Profit Over Safety



One of the biggest social media platforms in the world. As of August 20, 2021, Facebook had close to 2.8 billion active users. This number has likely only grown from there. 

Facebook was created in 2004 by Mark Zuckerberg, Eduardo Saverin, Dustin Moskovitz, and Chris Hughes. Its original purpose was to allow Harvard students to connect and share pictures. The site soon spread to other universities such as Yale, Columbia and then eventually to the rest of the world. 

While Facebook is extremely popular just by itself, its sibling sites, Instagram and Whatsapp are close to being just as popular with Instagram having 1.2 billion users and Whatsapp 2 billion.

On Monday, October 4, 2021, if you were one of those Facebook-owned users you may have gone on Instagram or Whatsapp to send a message and found that nothing was loading. Perhaps you thought it was a wifi problem, so you open another app to see that it’s working perfectly fine. 

For six hours on Monday, Facebook, Instagram, and WhatsApp were inaccessible for both its users and staff. This not only upset users but also businesses. With its outage, Facebook stocks plummeted and the company lost a huge amount of money. According to TechCrunch, “The stock ended the day down nearly 5%, with Facebook shedding tens of billions in market cap value.” This caused many investors to calculate what further and lasting damage could occur with the site financially. 

Social media users can also be quick to migrate. With one app down they go straight to the other. With Instagram and Facebook down, many users went to TikTok or Twitter instead. Various TikTok had comment sections filled with comments asking, “Is Instagram down for anyone?” or “Instagram is down so I’m here.” Instagram shutting down for even just a matter of hours can make people go to a different app which caused huge losses for Facebook. 

So right now you might be wondering what happened? While many people theorized that it was a hack or that someone was trying to take Facebook down, the real reason for the Facebook outage was because of an update to the Facebook routers that coordinate network traffic. When the update went wrong there were many disruptions sent through the systems and left us with Facebook outages. 

These outages were not only for users but also for staff. The outage also applied to Facebook’s internal system which is needed to run daily. This made it even more difficult for employees to solve the problem.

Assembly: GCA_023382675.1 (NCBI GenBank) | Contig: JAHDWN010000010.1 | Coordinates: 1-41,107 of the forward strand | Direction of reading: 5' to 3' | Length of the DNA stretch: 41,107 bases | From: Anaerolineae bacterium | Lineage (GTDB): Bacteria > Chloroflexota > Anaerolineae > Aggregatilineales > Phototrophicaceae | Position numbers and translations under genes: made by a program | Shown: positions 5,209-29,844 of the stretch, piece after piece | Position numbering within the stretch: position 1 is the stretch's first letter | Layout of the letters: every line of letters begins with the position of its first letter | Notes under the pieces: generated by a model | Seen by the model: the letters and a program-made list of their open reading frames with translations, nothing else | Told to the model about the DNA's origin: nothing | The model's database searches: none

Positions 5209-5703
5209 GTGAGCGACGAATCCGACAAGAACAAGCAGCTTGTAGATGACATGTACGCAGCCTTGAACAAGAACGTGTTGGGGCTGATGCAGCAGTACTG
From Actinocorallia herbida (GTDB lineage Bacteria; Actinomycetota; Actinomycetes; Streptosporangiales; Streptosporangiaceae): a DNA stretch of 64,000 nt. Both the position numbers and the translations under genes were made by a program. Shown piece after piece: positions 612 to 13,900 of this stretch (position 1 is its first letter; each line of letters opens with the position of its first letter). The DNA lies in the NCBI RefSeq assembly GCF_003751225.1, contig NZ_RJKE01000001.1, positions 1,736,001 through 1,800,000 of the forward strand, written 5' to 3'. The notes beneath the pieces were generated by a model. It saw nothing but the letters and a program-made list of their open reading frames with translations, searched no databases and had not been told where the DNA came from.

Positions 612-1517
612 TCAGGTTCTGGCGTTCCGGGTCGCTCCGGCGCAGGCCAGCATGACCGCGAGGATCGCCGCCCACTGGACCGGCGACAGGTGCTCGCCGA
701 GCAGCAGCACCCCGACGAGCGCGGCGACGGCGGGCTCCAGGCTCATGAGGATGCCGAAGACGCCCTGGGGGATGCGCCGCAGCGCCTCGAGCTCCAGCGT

This setback has been one of Facebook’s worst after one incident in 2019 which left the website offline for 24 hours. 

This outage also came at a time when Facebook faced a lot of scrutinies over its applications from a whistleblower. Frances Haugen, a former Facebook employee of two years. During her time at Facebook, Haugen said she had seen and observed a disturbing pattern of behavior that she had only seen at Facebook. Before working at Facebook as a product manager, Haugen had also worked at other big companies such as Pinterest, Google, and Yelp. 

In September, Haugen decided to share documents with the Wall Street Journal, the Securities and Exchange Commission, and Congress. She said these documents showed how the company made decisions that constantly prioritized money and profit over the safety of its users. 

In an appearance on 60 minutes, Haugen said “The thing I saw at Facebook over and over again was there were conflicts of interest between what was good for the public and what was good for Facebook. And Facebook, over and over again, chose to optimize for its own interests, like making more money.” 

Whistleblowing is a messy business, typically done by people with ulterior motives, but Haugen has been seen to be an exception. While Lawmakers have applauded Haugen for coming forward, Facebook employees are split on the matter. 

Haugen has been displayed as a low-level employee speaking out about things she does not know properly. While the company would not speak on Haugen’s history at Facebook, spokeswoman Lena Pietsch said that Haugen, “worked for the company for less than two years, had no direct reports, never attended a decision-point meeting with C-level executives — and testified more than six times to not working on the subject matter in question.”

According to the New York Times, company officials have also given information to employees on how to respond if they are asked about “the recent events” by friends and family in different memos. 

As of October 12, 2021, another former Facebook employee, Sophie Zhang has gone public with her views and criticism of the company. According to Business Insider, Zhang was fired from Facebook in September of 2020. Before leaving “she posted a 7,800-word memo detailing how she believed the company allowed authoritarian regimes around the world to manipulate its platform.”

During her appearance on 60 minutes, Frances Haugen also stated that “when we live in an information environment that is full of angry, hateful, polarizing content it erodes our civic trust, it erodes our faith in each other, it erodes our ability to want to care for each other, the version of Facebook that exists today is tearing out societies apart and causing ethnic violence around the world.” 

According to The Guardian, Frances Haugen also told US senators that Facebook intentionally targets teenagers and children under 13. Not only this but the company knows how Instagram can damage teenagers’ mental health and can lead these young people to harmful mindsets. Frances Haugen believes that Facebook and its products are very harmful to children and teenagers. 

Facebook and Instagram are two of the biggest social media sites in the world. Facebook has power, and with power comes responsibility. Knowing that the platform willingly rejects the idea of safety for its users sparks a debate over whether the company truly deserves the presence it has.